Hawaii’s Mazie Hirono is the Senate’s only immigrant and a thorn in the President’s side. Hirono is the first Asian-American woman to serve in the Senate, the first Senator born in Japan and the first Senator from a Buddhist background.
Luisa Dörr for TIME
By Philip Elliott
Updated: May 17, 2018 1:00 PM ET

On a rain-soaked morning in late April, Mazie Hirono was walking from the U.S. Supreme Court back to her Senate office. She had just watched the nine Justices hear arguments on President Trump’s ban on immigrants from six countries with Muslim majorities and North Korea, and as she listened to arguments over the rights of immigrants and religious minorities, she couldn’t help but take the debate personally. Hirono, Hawaii’s junior Senator, is an immigrant from Japan and the chamber’s sole Buddhist. “Immigrants come here and leave everything that they know behind,” she says. “We have a sense of the opportunities that this country provides. We do not take those for granted.”

At age 70, Hirono has become one of the surprising avatars of what is known among liberals as the Resistance. She’s not the loudest voice in the Senate or its most polished speaker. But the first-term Senator has become one of the most outspoken critics of Trump’s behavior. “The President is very anti-immigrant. It’s a very xenophobic, nationalistic attitude,” she says. “Our country is made up of groups of immigrants who came here hoping for a better life. They created America. It’s a sad thing to have so many people not remember that, including Trump. His people came from another country, not to mention that his wife is an immigrant.”

These sharp rebukes have turned the soft-spoken Senator into a sudden star. “I’m one of the few members who calls him a liar. I don’t sugarcoat it and say he stretches the truth. No, the man lies every day,” she says. “To call the President a liar, that is not good. But it happens to be the truth.”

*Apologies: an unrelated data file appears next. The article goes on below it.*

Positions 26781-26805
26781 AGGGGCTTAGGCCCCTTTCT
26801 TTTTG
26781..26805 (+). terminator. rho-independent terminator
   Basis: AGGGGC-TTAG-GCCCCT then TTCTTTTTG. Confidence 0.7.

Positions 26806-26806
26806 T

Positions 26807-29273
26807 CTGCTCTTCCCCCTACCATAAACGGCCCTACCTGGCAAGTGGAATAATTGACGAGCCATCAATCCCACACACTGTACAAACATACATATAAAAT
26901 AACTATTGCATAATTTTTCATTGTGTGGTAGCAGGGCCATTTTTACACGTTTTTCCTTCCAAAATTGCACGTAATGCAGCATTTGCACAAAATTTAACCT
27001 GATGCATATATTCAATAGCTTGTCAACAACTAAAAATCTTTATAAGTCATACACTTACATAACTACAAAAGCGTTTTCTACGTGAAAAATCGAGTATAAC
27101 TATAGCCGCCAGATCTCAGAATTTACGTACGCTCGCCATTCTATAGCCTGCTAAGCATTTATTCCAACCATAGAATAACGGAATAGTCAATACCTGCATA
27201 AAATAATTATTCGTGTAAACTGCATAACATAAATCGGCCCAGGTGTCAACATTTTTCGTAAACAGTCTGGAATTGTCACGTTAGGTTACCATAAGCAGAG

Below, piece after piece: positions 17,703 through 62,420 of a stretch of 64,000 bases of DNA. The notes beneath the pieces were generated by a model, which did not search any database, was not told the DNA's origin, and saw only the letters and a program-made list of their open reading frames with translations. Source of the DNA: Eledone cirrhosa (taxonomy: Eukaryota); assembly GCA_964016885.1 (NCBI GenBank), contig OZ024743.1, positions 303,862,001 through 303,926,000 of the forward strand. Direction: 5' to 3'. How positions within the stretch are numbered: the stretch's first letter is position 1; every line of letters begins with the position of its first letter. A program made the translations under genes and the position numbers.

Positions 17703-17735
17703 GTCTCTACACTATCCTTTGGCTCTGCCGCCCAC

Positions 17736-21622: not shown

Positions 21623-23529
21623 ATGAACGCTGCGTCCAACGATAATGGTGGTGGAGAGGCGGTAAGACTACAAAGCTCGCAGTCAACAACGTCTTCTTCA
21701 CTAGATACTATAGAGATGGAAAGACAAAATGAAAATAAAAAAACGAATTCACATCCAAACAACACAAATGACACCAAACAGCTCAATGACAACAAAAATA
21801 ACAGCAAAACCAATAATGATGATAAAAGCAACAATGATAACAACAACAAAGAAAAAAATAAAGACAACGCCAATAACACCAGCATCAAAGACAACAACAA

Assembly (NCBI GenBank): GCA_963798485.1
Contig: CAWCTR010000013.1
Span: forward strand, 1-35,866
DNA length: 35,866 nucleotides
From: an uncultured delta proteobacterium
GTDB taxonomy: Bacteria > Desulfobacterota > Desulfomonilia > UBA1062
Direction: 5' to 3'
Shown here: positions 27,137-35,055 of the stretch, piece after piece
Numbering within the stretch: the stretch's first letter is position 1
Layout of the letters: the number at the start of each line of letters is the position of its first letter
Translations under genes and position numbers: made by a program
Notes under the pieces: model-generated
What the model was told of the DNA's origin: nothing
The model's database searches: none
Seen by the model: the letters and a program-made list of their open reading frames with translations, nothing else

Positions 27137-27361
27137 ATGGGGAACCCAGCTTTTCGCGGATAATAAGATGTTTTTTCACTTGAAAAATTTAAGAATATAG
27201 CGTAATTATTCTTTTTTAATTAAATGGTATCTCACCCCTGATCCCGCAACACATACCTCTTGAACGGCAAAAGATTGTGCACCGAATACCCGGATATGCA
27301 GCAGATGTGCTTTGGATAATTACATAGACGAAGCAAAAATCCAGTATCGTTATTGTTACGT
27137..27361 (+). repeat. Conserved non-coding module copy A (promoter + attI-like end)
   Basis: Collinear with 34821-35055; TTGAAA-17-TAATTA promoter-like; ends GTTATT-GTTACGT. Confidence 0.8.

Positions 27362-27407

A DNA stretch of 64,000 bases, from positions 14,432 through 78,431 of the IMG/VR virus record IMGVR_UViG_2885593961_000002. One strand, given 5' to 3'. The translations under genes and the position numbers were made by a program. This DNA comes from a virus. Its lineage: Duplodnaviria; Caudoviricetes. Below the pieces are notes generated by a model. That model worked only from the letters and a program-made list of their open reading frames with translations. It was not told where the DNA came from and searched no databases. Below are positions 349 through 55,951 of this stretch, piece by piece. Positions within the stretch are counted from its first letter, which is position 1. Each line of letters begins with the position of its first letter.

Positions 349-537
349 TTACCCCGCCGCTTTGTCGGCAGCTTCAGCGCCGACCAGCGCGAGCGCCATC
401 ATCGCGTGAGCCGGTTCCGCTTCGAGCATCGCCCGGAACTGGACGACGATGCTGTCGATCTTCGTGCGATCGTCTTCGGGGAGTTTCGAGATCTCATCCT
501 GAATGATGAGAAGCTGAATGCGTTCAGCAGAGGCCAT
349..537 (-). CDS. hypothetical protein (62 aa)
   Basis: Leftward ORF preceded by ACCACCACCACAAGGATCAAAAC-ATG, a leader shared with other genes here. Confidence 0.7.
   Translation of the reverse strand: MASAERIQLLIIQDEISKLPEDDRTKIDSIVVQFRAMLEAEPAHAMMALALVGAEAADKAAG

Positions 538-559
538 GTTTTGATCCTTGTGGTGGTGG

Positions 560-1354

In January, when the President hosted a freewheeling, bipartisan meeting on immigration, Hirono confronted Trump directly. She was one of only two nonwhite faces at the table – the other was Senator Robert Menendez of New Jersey – and she prefaced her question with a preamble that established her credibility on the subject: “As the only immigrant serving in the United States Senate right now …” Hirono began. Early on in her tenure on Capitol Hill, officers sometimes stopped her from bypassing security lines, not recognizing her as a Senator because she didn’t look like most lawmakers. They quickly learned her often smiling face. “In our country, racism is never far below the surface,” Hirono says, sipping a midafternoon coffee. “I think the Trump campaign exposed the fault lines in our country.”

Late on election Night 2016, Hirono was at home in Hawaii, trying to decide what to say to supporters after Hillary Clinton’s surprise loss. Some of her advisers urged her to take a conciliatory tone, to pledge to work with the new President-elect, to give him the benefit of the doubt. That was the tack many of her colleagues would take in the numb days that followed. Not Hirono. “I didn’t feel like making a ‘Let’s give the man a chance’ speech,” she recalls. “His entire campaign was so negative and antithetical to everything I believe.”

For “a couple of months,” Hirono went into a self-imposed television blackout. She couldn’t handle what she saw as the President’s daily attacks on immigrants, women, democratic institutions and people who didn’t share his Christian faith. “There’s not a day that goes by that there isn’t a fresh assault on the body politic,” she says, leaning back in her chair in her seventh-floor corner office on Capitol Hill. “There’s hardly a day that goes by that my head doesn’t explode because, my goodness!”